FDA Warns Not All Edible Glitter Is Safe to Eat
Maybe make a glitter-free cake next time?
With the holidays here and Paul Hollywood still giving out handshakes to British people on Netflix, baked goods are definitely on our minds these days. And while so-called edible glitter is an effective way to jazz up cakes and other confections, but you might want to be careful before actually ingesting that stuff.
Yep. As it turns out, not all “edible” glitter is actually, uh, edible. That’s according to a new warning from the FDA, which recently put out a video reminding us that not all decorative products are as delicious (or as safe for your insides) as you might think. Terrifying!
In the eyes of the FDA, a truly edible glitter is derived from "sugar, acacia (gum arabic), maltodextrin, cornstarch, and color additives specifically approved for food use, including mica-based pearlescent pigments and FD&C colors." If it doesn’t feature those sorts of ingredients, there’s a good chance that you just adorned your cake with a bunch of microplastics. And it should go without saying, but microplastics are not great to eat.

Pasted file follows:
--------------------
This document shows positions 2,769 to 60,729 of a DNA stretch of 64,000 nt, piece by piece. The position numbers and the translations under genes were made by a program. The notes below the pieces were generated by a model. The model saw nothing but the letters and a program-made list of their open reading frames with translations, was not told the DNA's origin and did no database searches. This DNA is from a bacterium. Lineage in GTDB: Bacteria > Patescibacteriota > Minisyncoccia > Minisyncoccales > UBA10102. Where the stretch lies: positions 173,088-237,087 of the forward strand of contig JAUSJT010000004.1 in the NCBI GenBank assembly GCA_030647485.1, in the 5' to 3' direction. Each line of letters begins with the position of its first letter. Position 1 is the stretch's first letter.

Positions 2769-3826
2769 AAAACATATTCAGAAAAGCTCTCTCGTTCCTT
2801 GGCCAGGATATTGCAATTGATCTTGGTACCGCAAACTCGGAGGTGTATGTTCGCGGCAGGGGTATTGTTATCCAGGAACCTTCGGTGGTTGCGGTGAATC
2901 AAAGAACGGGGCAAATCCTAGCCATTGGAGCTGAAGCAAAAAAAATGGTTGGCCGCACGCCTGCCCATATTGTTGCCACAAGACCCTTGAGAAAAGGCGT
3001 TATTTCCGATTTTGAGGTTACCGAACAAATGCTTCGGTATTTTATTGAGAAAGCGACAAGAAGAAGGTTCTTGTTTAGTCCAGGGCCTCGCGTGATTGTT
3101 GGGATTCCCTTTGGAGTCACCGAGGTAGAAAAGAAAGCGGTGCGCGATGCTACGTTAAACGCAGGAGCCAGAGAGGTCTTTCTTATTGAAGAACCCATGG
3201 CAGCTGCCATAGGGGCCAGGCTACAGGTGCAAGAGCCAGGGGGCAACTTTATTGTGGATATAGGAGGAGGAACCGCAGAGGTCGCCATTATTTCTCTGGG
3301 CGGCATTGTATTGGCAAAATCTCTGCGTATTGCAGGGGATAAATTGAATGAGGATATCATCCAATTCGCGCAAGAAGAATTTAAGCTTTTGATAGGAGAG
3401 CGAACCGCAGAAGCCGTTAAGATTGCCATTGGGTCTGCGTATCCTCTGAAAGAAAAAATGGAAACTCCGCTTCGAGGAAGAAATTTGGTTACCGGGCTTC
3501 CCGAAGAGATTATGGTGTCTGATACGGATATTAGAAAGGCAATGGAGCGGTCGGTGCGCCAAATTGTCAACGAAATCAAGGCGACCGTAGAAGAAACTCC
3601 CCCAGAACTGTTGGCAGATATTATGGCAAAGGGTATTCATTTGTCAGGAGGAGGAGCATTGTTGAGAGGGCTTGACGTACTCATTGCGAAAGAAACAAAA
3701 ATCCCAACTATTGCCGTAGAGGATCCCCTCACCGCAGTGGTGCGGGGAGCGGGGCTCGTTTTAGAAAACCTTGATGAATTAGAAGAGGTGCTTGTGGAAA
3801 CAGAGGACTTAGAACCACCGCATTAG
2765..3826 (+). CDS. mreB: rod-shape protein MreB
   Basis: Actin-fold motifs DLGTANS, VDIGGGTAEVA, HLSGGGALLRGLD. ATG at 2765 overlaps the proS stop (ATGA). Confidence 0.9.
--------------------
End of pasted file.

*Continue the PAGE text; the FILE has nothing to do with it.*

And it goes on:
Luckily, this is the kind of thing that can be easily sorted out with a little bit of attention to detail. A truly edible glitter will, first of all, ideally mention that it’s edible on the packaging. Whereas a glitter that isn’t edible will likely be labeled as “non-toxic.” While the absence of toxic materials is reassuring, it’s still probably pretty bad for your insides.
The most surefire way to tell, though, is patently obvious once you think about it: edible glitter will feature a list of ingredients, some of which (ideally) are mentioned in that FDA quote above. The stuff you shouldn’t eat won’t have ingredients, since the manufacturer doesn’t consider it to be food. Pretty simple stuff.
So there you have it. Enjoy a holiday season free of uninentionally ingested microplastics by confirming that your edible cake glitter is, in fact, edible. You’ll be glad you did.